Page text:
The “This Japanese Life” episode update

Last Friday at the BlogNation Japan shindig, I recorded some interviews with a few of the attendees. As I held the microphone in front of them and listened through my headphones, I kept thinking, “Wow, how am I ever going to be able to chop this up and rearrange it into a coherent story?” But the truth is, every time I start a new project, the same kind of fear and doubt run through my mind. It’s called “anxiety.” I feel it almost all the time, unless I’m doing something that I have 100% confidence in. (Those things include teaching, training, and troubleshooting PCs.)

The way I’m learning to come to terms with anxiety is to ask myself, “Well, if it all goes to hell, what’s the absolute worst thing that can happen, and how will I deal with it?”

If my attempt at creating a professional-sounding audio program to the best of my ability ends up sounding like a junior high school social studies project, I won’t lose any money, friends, or respect from others. I won’t fall over dead of humiliation. The time I spend on it won’t be wasted, because I’ll learn from it. And I’ll do it again on another topic; I’ll keep at it until I improve.

I realize I’m expecting myself to hit it out of the ballpark my first time at bat. I have a life-long tendency to expect too much out of myself, and it prevents me from starting or finishing challenges unless I force myself, kicking and screaming all the way. That’s the main reason why I’m here, blogging, podcasting and videoblogging. Because it scares the bejesus out of me if I let it.

I admire people (like my boss) who can jump into something new without any experience or a detailed plan and risk failure, so all this online stuff is my attempt at becoming more like them. It has never been easy, even after two years of constant practice. Core beliefs don’t change easily, even if on an intellectual level you know they’re false.

Right after I write a post, create a video or release a podcast, that voice tells me, “You’re not good enough.” But lately, something different is happening. I’ve been sampling bits of my old blog posts and podcasts that I have no recollection of creating and they seem like they’re from someone else. And you know what? They’re interesting, and often funny. When enough time passes that I can separate the critical, perfectionist “me” from the creative me, I can actually enjoy my own work. Maybe if I keep reading and listening to my past, I’ll finally catch up to the present and finally be at peace with myself.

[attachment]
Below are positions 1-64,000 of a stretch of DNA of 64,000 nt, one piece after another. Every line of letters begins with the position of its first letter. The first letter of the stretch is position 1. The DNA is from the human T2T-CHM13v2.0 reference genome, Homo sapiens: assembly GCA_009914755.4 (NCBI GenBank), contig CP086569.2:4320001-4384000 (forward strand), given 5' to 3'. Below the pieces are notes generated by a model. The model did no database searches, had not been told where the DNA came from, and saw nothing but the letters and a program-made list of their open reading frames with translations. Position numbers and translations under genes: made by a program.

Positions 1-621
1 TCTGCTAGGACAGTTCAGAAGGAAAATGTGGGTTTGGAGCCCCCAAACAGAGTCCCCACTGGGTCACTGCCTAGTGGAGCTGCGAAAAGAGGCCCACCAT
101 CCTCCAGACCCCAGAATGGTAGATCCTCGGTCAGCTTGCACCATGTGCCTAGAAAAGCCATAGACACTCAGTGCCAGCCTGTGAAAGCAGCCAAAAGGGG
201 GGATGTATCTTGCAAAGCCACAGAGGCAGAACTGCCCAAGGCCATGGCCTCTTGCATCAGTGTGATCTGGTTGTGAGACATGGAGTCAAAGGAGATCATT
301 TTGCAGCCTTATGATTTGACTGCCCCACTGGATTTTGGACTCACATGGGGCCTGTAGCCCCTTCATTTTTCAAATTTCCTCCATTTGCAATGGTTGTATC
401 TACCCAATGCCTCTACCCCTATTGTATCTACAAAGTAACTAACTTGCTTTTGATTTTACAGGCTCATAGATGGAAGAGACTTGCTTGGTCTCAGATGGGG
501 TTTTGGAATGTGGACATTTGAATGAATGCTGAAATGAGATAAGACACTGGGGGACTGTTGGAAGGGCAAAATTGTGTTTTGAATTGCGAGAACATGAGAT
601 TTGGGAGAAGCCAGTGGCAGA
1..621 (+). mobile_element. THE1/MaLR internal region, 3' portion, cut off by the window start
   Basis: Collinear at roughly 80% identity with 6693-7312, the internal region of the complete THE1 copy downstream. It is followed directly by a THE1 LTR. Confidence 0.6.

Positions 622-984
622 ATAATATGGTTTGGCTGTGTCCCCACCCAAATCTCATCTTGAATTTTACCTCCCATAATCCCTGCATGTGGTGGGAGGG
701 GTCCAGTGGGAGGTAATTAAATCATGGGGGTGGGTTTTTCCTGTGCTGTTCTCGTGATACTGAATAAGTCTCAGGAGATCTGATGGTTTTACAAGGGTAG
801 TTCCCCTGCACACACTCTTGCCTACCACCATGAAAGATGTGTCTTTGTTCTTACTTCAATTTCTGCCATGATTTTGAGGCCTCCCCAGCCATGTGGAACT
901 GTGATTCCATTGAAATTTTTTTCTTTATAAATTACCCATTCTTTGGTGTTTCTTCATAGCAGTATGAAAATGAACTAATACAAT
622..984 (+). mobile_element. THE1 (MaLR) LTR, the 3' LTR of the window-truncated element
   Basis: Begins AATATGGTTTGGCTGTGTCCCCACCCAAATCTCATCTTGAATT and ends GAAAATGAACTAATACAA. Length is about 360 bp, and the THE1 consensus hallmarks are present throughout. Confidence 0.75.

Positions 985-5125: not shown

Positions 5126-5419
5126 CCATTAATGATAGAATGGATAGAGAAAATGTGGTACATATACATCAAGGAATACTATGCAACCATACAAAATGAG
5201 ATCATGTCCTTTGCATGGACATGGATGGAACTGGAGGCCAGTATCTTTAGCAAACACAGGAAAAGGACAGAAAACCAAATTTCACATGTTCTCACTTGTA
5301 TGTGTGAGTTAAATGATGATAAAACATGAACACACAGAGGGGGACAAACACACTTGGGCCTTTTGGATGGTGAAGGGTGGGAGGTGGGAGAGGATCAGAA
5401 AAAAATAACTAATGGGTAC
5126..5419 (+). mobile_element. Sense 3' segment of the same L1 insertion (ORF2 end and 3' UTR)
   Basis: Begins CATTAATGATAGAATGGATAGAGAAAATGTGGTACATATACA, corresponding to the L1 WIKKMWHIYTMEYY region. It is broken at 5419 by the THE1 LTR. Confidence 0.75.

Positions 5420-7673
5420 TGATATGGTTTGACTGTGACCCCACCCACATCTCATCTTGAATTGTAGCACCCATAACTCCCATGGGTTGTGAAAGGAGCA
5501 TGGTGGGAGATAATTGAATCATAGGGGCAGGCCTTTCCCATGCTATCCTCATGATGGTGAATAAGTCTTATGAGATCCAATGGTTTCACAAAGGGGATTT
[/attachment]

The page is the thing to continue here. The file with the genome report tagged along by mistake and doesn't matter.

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Rich Pav

Richard has been living in Japan since 1990 with his wife and two teenage sons, Tony and Andy.

6 thoughts to “The “This Japanese Life” episode update”

  1. Reading this made me think of half-baked armchair psychologist advice (and, no, I’m nowhere near any awamori, although I am working my way through a case made up of two bottles of every beer brewed by the Kiuchi Brewery, makers of Hitachino Nest, based out in Ibaraki.)

    I’d say take your time, allow your impulses to tweak an rework “This Japanese Life” to run wild. Let yourself be a perfectionist with this, and only this. Get it to a point where you’re happy with it, then put it out there in a big way. Send it to the Third Coast Festival, send it to PRX and PRI, promote it.

    Then let it go. You’ll be able to see that you really can do it, you might even reap some rewards in the form of broader recognition, and you’ll deal with criticism. One the whole, though, I’m inclined to think it’ll be a confidence boost.

  2. dear rich pav,
    i’m not sure if I’ve left feedback before but i have certainly been a quiet fan of your postings right from the beginning.
    although it’s very unlike me, i’ve been compelled to break the silence with this post for it has, as have many others, been quite useful at helping me deal with my own, quite similar anxieties.
    i can’t quite put a finger on it, but, quite inexplicably, your posts do provide again and again tangible testament of how much we can learn (about you and ourselves) from just being exposed to the lives of ordinary, unpretentious and beautiful real human beings like you -trying to sell us nothing.
    we, you and i, suffer from the same disease, but unlike you, i haven’t overcome mine, yet. i mean, at least you’re putting it out there. i haven’t even start it yet, but posts like this one do certainly make me want to.
    so, thank you for your help and kudos on your progress.

    eDwin

  3. Edwin: I think people like you and I like to think of it as a disease, but maybe it’s really a love affair with laziness. Whether you avoid doing something because you simply don’t feel like it or because you lack the self-confidence or want to avoid the perceived pain of criticism or failure, the result is the same–what needs to get doesn’t get done. It’s certainly a tough habit to break.

    I’m glad you decided to reply. I was hoping what I wrote would help someone.

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